Insights from the Playmat: Mara Martin


Insights from the Playmat: Mara Martin

You asked for more Mindr, and we heard you loud and clear! We’re delighted to announce Mindr’s new YouTube series, Insights from the Playmat.

Throughout this series, our founder Sarah will sit down with some of the world’s most inspiring thought leaders and cultural icons, to discuss ways to elevate women and parents in the professional, intellectual, civic and social spheres. So now you can get a hit of that Mindr mojo you love, without changing out of your pajamas.

Our first episode was filmed at the United Nations, and features runway model and mama Mara Martin, who recently made international headlines when she walked down the Sports Illustrated Swimsuit runway while breastfeeding her baby daughter, Aria. We were at the UN with Mara for one of the events in our High Chair networking series.

We hope you enjoy the show! We’d love to hear your thoughts in the comments.


Community Spotlight: Aaron Kuffner on Parenthood and Art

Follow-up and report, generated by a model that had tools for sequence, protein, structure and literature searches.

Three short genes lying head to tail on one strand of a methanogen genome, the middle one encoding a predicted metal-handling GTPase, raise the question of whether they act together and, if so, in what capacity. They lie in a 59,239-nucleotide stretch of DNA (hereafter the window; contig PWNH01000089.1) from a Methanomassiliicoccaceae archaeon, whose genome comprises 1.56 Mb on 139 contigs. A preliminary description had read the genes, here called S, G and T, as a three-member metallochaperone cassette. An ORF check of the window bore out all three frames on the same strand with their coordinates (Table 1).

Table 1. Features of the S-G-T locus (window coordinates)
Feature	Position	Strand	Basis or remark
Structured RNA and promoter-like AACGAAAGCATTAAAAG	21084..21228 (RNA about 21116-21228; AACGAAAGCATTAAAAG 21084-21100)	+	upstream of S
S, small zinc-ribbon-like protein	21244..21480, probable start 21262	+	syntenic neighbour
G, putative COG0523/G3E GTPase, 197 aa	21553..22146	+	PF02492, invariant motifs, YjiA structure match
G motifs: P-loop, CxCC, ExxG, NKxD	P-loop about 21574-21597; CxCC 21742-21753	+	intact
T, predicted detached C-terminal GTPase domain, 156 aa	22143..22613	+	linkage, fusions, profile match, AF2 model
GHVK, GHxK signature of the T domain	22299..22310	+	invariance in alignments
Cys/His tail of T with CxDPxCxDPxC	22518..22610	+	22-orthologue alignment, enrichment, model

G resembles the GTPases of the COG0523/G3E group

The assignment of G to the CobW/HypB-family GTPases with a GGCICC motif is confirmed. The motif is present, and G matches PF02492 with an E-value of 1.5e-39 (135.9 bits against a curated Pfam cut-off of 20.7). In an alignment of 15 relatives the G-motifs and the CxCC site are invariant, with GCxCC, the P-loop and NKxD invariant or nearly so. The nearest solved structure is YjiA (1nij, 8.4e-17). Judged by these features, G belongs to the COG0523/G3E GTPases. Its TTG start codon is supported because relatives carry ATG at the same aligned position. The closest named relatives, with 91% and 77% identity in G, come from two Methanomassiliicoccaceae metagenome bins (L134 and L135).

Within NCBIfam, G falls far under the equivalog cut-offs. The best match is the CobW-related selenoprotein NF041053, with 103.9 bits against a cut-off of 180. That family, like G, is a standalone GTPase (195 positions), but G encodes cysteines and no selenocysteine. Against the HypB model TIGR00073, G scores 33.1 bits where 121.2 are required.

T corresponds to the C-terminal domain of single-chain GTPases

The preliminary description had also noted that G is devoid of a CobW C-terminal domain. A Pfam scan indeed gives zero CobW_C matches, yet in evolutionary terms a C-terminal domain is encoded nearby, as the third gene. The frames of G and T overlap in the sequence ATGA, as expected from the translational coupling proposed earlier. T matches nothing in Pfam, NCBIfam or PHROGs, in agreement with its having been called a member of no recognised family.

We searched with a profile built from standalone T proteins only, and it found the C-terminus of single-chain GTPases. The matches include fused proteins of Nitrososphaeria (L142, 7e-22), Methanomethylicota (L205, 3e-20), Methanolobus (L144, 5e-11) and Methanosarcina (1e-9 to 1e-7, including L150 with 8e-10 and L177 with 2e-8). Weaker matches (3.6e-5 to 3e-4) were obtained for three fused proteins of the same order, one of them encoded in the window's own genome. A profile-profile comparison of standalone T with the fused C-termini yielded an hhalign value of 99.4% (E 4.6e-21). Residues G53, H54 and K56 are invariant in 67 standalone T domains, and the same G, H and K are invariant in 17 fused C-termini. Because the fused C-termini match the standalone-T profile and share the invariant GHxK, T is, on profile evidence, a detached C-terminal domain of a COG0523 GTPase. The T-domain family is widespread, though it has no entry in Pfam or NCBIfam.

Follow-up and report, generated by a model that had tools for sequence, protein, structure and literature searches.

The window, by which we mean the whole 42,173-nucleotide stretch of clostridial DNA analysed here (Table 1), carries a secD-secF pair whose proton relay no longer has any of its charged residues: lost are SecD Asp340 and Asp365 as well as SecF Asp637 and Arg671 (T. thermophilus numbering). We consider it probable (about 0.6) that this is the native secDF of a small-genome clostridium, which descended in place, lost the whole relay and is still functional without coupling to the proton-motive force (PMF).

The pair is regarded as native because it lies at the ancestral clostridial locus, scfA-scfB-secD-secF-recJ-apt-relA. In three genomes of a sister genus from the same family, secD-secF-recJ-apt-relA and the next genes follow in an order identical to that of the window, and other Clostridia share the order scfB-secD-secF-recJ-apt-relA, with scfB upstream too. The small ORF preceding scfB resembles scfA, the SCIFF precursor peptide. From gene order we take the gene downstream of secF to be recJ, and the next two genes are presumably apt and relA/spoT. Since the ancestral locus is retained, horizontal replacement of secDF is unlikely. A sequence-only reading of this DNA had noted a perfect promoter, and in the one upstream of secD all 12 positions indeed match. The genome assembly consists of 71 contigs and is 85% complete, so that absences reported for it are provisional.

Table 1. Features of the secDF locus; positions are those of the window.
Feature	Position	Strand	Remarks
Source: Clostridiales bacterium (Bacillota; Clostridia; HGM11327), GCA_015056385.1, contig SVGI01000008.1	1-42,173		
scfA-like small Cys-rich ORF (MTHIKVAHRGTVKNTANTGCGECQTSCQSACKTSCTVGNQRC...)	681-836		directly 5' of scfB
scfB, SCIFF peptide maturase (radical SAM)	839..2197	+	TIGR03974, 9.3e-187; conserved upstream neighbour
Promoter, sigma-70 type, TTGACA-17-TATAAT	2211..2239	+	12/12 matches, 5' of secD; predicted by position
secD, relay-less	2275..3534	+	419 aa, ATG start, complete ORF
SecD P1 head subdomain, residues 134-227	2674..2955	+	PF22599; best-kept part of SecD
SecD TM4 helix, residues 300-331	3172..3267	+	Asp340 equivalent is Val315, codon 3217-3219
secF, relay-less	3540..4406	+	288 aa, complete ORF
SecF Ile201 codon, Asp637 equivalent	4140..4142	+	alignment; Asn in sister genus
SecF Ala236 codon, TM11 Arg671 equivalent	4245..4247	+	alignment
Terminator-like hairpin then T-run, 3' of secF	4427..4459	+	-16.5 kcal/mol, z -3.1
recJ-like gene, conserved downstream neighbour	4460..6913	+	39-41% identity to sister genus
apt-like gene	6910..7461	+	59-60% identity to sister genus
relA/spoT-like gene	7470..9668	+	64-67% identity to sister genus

Community Spotlight: Aaron Kuffner on Parenthood and Art

Did you know that exposure to the arts - whether in school or at home - has been said to broaden children's perspectives, challenge preconceived notions and potentially increase tolerance and empathy? At a time when arts education is at an ongoing risk of losing funding, it is important to take advantage of the multidisciplinary art happening all around us everyday.

To help you do so, meet Aaron Taylor Kuffner, a Mindr dad to son Sebby (age 2) and conceptual artist based here in New York City. Aaron’s awe-inspiring Gamelatron installations are kinetic sculptures that marry Indonesian ritual and sonic tradition with robotics and modernist features. If you’re based here in the city, you can catch the final weekend of his exhibition at the 11th Annual Governor's Island Art Fair. He was also recently featured at Refinery 29’s 29Rooms. We spoke with Aaron about his journey to create the Gamelatron, how becoming a father has changed his artistic point of view, and how art can help us be present with our children.

Aaron, your kinetic sculptures are unlike anything we’ve seen before. Can you talk us through what led you down this path to pursue the Gamelatron project?